No, faith; die by attorney. The poor world is almost six thousand years old, and in all this time there was not any man died in his own person, videlicet, in a love-cause. Troilus had his brains dashed out with a Grecian club, yet he did what he could to die before, and he is one of the patterns of love. Leander, he would have lived many a fair year though Hero had turned nun if it had not been for a hot midsummer night, for, good youth, he went but forth to wash him in the Hellespont and, being taken with the cramp, was drowned; and the foolish chroniclers of that age found it was Hero of Sestos. But these are all lies. Men have died from time to time, and worms have eaten them, but not for love. (IV.i.81-92) In Act IV, scene i, Rosalind rejects Orlando’s claim that he would die if Rosalind should fail to return his love. Rosalind’s insistence that “[m]en have died from time to time, and worms have eaten them, but not for love” is one of the most recognizable lines from the play and perhaps the wisest (IV.i.91-92). Here, Rosalind takes on one of the most dominant interpretations of romantic love, an understanding that is sustained by mythology and praised in literature, and insists on its unreality. She holds to the light the stories of Troilus and Leander, both immortal lovers, in order to expose their falsity. Men are, according to Rosalind, much more likely to die by being hit with a club or drowning than in a fatal case of heartbreak. Rosalind does not mean to deny the existence of love. On the contrary, she delights in loving Orlando. Instead, her criticism comes from an unwillingness to let affection cloud or warp her sense of reality. By casting aside the conventions of the standard—and usually tragic—romance, Rosalind advocates a kind of love that belongs and can survive in the real world that she inhabits.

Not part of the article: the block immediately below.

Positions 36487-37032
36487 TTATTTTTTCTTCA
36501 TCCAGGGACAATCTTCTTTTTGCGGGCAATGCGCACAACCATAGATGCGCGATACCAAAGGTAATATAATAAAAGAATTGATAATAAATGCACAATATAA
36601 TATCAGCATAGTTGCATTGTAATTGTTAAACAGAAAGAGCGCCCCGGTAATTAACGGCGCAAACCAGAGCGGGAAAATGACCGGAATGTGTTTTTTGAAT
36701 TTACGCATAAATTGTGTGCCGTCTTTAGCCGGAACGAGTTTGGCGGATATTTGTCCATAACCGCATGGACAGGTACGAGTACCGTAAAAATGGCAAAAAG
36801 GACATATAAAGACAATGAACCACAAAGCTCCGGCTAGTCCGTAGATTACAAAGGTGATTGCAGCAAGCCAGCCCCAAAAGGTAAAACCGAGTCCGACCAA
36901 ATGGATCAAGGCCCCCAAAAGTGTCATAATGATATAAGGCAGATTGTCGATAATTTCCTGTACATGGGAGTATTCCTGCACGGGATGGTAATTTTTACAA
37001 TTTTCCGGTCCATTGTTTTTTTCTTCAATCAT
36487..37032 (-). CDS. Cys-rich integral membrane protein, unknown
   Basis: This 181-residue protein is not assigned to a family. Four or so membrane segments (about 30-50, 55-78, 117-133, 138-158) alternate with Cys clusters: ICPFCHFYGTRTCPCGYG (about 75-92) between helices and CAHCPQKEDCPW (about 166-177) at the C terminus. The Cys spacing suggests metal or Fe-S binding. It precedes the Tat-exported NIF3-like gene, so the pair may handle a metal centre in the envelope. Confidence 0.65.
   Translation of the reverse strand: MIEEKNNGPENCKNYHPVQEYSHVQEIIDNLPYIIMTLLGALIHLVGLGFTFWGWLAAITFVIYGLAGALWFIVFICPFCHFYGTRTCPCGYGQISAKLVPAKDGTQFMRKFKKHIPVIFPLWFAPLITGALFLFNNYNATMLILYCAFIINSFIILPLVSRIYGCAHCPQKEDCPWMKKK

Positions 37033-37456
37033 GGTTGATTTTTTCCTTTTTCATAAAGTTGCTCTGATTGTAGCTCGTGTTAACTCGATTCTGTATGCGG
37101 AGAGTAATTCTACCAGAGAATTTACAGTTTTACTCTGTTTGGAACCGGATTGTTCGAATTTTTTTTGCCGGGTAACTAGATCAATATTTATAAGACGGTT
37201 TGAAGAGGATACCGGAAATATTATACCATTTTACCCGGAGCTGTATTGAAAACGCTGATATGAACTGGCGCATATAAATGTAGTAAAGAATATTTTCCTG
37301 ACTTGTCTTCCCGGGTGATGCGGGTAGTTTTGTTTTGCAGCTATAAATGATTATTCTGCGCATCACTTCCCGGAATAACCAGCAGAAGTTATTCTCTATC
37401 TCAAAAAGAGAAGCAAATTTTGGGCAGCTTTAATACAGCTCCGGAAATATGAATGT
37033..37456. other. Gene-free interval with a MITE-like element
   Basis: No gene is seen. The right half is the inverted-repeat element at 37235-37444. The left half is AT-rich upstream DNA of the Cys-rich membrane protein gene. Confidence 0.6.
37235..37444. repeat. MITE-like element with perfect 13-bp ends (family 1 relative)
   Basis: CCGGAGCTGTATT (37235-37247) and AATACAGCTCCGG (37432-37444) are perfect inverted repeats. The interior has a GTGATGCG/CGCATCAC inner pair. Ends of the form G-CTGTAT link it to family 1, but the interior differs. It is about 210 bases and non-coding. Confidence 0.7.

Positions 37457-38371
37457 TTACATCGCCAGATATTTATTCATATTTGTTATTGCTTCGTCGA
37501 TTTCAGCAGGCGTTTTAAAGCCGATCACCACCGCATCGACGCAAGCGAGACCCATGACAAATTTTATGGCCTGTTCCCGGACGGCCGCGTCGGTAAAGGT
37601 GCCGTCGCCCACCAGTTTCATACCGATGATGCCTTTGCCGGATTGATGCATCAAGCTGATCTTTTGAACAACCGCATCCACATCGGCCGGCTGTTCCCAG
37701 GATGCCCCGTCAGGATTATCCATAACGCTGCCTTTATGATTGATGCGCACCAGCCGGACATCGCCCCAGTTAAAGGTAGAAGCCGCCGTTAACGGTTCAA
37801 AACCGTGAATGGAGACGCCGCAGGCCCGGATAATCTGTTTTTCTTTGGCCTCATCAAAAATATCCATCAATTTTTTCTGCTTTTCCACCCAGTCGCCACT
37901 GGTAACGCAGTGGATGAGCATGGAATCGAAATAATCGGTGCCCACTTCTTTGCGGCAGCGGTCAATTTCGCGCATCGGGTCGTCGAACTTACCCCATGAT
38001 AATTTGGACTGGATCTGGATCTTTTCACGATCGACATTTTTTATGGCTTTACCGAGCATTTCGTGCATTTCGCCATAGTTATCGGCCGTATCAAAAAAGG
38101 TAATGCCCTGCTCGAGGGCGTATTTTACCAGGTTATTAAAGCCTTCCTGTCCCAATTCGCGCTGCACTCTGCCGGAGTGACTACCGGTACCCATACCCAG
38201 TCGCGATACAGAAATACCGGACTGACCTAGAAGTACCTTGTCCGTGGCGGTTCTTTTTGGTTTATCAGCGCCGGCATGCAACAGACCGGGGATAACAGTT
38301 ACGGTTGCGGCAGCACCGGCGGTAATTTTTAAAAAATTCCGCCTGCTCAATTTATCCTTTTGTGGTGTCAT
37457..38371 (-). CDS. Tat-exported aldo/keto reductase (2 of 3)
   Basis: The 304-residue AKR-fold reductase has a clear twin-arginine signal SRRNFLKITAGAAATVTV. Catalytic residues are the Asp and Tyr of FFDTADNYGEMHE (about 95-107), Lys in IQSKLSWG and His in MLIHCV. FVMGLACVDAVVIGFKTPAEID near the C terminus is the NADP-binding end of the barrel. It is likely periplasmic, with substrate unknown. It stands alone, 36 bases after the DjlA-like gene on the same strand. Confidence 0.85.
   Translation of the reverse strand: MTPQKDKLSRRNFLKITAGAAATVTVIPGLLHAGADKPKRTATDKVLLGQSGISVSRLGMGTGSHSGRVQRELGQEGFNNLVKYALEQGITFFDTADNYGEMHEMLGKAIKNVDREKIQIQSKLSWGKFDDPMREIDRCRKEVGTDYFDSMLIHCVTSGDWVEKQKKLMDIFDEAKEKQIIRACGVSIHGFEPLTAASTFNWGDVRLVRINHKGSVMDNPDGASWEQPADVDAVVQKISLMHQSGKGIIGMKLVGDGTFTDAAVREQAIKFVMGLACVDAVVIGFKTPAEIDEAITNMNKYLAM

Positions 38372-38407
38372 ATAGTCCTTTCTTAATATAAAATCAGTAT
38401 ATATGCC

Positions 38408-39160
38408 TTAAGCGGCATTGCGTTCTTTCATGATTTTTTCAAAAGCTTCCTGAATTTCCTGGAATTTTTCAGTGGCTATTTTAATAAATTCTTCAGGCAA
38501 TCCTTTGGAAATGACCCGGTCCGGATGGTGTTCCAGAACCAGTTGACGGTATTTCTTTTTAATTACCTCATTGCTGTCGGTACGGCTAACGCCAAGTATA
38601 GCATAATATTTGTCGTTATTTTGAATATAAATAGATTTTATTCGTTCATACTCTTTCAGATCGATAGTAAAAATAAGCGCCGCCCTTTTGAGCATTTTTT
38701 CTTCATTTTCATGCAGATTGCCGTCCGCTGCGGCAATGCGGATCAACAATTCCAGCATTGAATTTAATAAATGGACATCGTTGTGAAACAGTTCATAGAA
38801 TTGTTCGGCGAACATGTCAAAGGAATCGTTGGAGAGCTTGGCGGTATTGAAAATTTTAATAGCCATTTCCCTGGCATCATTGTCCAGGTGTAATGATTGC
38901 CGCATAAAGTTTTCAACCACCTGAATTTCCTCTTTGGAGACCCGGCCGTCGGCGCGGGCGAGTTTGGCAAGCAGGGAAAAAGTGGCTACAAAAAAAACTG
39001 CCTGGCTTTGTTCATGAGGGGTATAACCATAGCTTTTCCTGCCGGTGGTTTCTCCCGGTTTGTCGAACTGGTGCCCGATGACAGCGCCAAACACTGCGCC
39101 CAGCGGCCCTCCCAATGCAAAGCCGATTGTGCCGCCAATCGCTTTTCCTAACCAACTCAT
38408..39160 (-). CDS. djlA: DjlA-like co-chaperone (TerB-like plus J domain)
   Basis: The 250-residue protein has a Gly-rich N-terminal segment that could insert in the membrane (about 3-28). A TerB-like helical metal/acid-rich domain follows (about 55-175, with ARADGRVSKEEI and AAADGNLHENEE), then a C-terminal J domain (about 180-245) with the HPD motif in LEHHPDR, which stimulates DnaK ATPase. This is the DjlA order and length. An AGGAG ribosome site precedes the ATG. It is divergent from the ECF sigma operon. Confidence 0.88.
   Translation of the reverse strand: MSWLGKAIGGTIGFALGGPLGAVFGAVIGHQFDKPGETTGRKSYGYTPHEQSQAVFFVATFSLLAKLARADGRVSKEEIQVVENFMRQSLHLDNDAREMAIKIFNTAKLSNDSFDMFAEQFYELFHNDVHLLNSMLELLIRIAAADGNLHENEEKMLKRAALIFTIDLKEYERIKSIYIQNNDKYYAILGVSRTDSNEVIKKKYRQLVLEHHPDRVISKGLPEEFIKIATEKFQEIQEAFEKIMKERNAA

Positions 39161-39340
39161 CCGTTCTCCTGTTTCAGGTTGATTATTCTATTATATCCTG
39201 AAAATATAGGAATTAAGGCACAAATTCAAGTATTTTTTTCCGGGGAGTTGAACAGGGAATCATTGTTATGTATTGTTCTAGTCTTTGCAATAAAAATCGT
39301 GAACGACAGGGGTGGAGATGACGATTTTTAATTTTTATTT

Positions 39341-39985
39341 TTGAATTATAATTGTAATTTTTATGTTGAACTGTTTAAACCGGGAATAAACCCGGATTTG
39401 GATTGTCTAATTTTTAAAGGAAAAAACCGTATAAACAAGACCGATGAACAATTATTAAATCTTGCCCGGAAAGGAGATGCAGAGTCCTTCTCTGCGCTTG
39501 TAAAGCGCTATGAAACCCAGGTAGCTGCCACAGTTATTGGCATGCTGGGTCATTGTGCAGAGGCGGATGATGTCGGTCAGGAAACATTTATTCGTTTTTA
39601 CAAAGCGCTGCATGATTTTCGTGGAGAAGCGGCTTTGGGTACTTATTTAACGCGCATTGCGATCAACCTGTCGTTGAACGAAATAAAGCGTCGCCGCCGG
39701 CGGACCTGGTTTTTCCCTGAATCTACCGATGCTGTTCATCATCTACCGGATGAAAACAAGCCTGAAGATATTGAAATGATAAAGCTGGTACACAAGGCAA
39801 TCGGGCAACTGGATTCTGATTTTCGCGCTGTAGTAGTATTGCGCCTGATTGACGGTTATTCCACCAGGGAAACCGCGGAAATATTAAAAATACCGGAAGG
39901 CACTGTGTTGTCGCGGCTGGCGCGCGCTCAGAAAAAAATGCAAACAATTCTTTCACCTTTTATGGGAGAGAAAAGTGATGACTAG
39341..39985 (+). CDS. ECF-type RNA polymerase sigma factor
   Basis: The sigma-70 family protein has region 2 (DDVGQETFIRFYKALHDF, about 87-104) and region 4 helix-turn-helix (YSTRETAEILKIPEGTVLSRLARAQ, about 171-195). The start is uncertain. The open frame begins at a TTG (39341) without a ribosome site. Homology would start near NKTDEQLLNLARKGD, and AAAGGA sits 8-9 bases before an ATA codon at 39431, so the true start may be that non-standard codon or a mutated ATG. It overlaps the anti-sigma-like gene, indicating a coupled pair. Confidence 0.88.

It is not the fashion to see the lady the epilogue; but it is no more unhandsome than to see the lord the prologue. If it be true that good wine needs no bush, ’tis true that a good play needs no epilogue. Yet to good wine they do use good bushes, and good plays prove the better by the help of good epilogues. What a case am I in then, that am neither a good epilogue nor cannot insinuate with you in the behalf of a good play! I am not furnished like a beggar, therefore to beg will not become me. My way is to conjure you; and I’ll begin with the women. I charge you, O women, for the love you bear to men, to like as much of this play as please you. And I charge you, O men, for the love you bear to women—as I perceive by your simpering none of you hates them— that between you and the women the play may please. If I were a woman I would kiss as many of you as had beards that pleased me, complexions that liked me, and breaths that I defied not. And I am sure, as many as have good beards, or good faces, or sweet breaths will for my kind offer, when I make curtsy, bid me farewell. (Epilogue, 1-19). The Epilogue was a standard component of Elizabethan drama. One actor remains onstage after the play has ended to ask the audience for applause. As Rosalind herself notes, it is odd that she has been chosen to deliver the Epilogue, as that task is usually assigned to a male character. By the time she addresses the audience directly, Rosalind has discarded her Ganymede disguise. She is again a woman and has married a man. Although we may think the play of gender has come to an end with the fall of the curtain, we must remember that women were forbidden to perform onstage in Shakespeare’s England. Rosalind would have been played by a man, which further obscures the boundaries of gender. Rosalind emerges as a man who pretends to be a woman who pretends to be a man who pretends to be a woman to win the love of a man. When the actor solicits the approval of the men in the audience, he says, “If I were a woman I would kiss as many of you as had beards that pleased me”— returning us to the dizzying intermingling of homosexual and heterosexual affections that govern life in the Forest of Ardenne (Epilogue, 14-16). The theater, like Ardenne, is an escape from reality where the wonderful, sometimes overwhelmingcomplexities of human life can be witnessed, contemplated, enjoyed, and studied.